Good research can lead to positive change for the world's poorest by enhancing the design and implementation of development policies and programs.
That's why we are committed to an innovative research portfolio and funds research, including through:
- competitive funding mechanisms (such as the Australian Development Research Awards Scheme)
- research partnerships with different Australian, international and developing country research institutions
- commissioning research to address a specific question or clearly defined research
- one-off research grants, when an existing program of research is relevant to the
Australian aid program.
More information on how we fund research
Research funded by Australian Aid targets some of Bangladesh’s most important development challenges, such as maternal and child health, education and
climate change. Some of the highlights of this research are listed below.
Australia-SAARC Agricultural Research and Training Project
This project promotes food security through improved water productivity in the South Asian countries of Bangladesh, India, Nepal, Pakistan and Bhutan.
Partnering with the Australian Centre for International Agricultural Research (ACIAR), it will fund in-country research and trials, including targeting gender-
inequality in the agricultural sector, and build research capacity in these countries through training researchers in analysis and modelling techniques.
More information is available on the ACIAR [external link] website.
Core support to International Centre for Diarrhoeal Disease Research, Bangladesh
Australia’s support for the International Centre for Diarrhoeal Disease Research, Bangladesh (ICDDR,B) funds research aligned to the Centre's strategic plan,
including support for health systems strengthening, research on women's and child health and disease surveillance to improve disease management. Australia is
one of five donors providing core funding to support the Centre's operational needs, capacity building, advocacy and policy development.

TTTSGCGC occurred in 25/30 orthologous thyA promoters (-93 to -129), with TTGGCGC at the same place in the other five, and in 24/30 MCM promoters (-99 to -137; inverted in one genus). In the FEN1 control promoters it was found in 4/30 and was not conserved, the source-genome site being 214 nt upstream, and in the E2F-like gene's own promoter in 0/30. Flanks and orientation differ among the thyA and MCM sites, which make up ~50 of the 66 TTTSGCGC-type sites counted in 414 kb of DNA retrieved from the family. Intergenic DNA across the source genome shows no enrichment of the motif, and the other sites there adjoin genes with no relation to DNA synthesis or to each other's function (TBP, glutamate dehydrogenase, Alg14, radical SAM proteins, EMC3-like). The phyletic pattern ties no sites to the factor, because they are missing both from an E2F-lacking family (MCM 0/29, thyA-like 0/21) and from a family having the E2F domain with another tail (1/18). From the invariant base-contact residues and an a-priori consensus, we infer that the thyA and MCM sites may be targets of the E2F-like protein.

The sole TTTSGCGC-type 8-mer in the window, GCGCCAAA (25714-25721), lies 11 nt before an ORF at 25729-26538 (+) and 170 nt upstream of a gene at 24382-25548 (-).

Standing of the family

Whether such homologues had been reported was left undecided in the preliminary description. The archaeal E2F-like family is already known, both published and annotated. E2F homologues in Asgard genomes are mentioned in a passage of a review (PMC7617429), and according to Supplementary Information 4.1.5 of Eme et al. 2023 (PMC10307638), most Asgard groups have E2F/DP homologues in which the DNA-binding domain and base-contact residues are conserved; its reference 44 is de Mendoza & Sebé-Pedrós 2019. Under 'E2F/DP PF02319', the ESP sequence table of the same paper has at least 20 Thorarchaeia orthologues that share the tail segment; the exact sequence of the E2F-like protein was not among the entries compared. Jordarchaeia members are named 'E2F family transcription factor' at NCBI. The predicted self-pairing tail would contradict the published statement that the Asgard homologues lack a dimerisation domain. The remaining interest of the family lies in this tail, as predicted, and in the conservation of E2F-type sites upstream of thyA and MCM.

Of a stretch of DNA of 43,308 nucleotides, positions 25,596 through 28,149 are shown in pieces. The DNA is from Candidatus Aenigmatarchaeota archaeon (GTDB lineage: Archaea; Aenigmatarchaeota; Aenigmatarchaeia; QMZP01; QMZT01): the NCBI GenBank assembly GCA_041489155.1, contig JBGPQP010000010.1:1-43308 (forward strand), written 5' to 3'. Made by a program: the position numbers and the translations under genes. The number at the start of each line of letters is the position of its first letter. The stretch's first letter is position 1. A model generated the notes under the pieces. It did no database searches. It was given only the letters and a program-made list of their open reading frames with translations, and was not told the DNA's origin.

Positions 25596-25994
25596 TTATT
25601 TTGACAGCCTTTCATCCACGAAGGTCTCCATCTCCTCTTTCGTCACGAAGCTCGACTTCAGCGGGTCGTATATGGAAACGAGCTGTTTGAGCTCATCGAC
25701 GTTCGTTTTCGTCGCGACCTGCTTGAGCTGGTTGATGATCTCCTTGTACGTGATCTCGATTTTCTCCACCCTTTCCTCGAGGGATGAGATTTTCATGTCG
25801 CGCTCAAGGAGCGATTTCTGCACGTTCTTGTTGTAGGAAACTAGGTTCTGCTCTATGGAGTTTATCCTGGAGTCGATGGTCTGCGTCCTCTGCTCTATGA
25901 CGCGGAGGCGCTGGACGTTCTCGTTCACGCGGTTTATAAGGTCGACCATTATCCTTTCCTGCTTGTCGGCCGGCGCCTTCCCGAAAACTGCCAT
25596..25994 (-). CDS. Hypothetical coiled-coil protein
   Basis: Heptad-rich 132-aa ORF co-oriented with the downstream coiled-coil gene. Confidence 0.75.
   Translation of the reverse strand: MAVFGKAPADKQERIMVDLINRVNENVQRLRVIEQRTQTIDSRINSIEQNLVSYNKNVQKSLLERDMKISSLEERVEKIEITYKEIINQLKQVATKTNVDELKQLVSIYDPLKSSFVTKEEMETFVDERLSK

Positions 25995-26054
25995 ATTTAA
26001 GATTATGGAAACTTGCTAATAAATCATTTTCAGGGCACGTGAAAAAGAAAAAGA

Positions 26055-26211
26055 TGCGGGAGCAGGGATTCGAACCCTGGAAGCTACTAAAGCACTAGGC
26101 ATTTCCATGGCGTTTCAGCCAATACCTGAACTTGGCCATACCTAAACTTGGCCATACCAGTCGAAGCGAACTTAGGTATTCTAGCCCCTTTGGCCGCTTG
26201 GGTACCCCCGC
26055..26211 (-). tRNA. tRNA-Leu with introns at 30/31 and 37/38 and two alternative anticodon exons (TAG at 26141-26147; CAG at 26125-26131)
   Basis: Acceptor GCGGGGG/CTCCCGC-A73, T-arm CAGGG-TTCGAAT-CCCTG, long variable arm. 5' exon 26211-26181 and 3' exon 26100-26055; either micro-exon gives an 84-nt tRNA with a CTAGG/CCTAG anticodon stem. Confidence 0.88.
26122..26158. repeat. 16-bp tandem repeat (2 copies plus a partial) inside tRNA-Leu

More information is available on the ICDDR,B [external
From microfinance to rural credit: evidence from a panel survey and field experiments in Bangladesh
This research, conducted by the University of Sydney, explores the role that the interaction between formal and informal rural credit providers can play in
improving access to finance and incomes for rural populations in Bangladesh. The study uses randomised field experiments to evaluate alternative microfinance
mechanisms that can be used to extend credit to currently excluded rural households.
Managing community impacts of climate change in India and Bangladesh
This Monash University projects aims to identify measures to improve community resilience and sustainable livelihood systems in the Gangetic Basin (India and
Bangladesh) in response to climate change. A comparative analysis of case study communities will be undertaken, and particular attention will be paid to the
role of women and children in vulnerable communities, relative to likely climate impacts.
More information is available on the Monash University
[external link] website.
Improvement of maternal and neonatal health by operationalising an integrated evidence-based intervention package through strengthening of health system in
In partnership with the International Centre for Diarrhoeal Disease Research, Bangladesh, this Australian Development Research Award-supported project aims
to test the effectiveness of an integrated evidence-based intervention in a target district to increase skilled birth attendance, decrease neonatal mortality,
increase met need for obstetric care and to improve quality of care.
More information is available on the ICDDR,B [external link] website.
International Drowning Research Centre, Bangladesh
This funding to the Royal Life Saving Society established an International Drowning Research Centre, and implemented a program of operational research
focused on developing a drowning prevention strategy for application in Bangladesh and countries with similar social, cultural and risk environments.
More information is available on the Global Drowning Fund Australia [external link]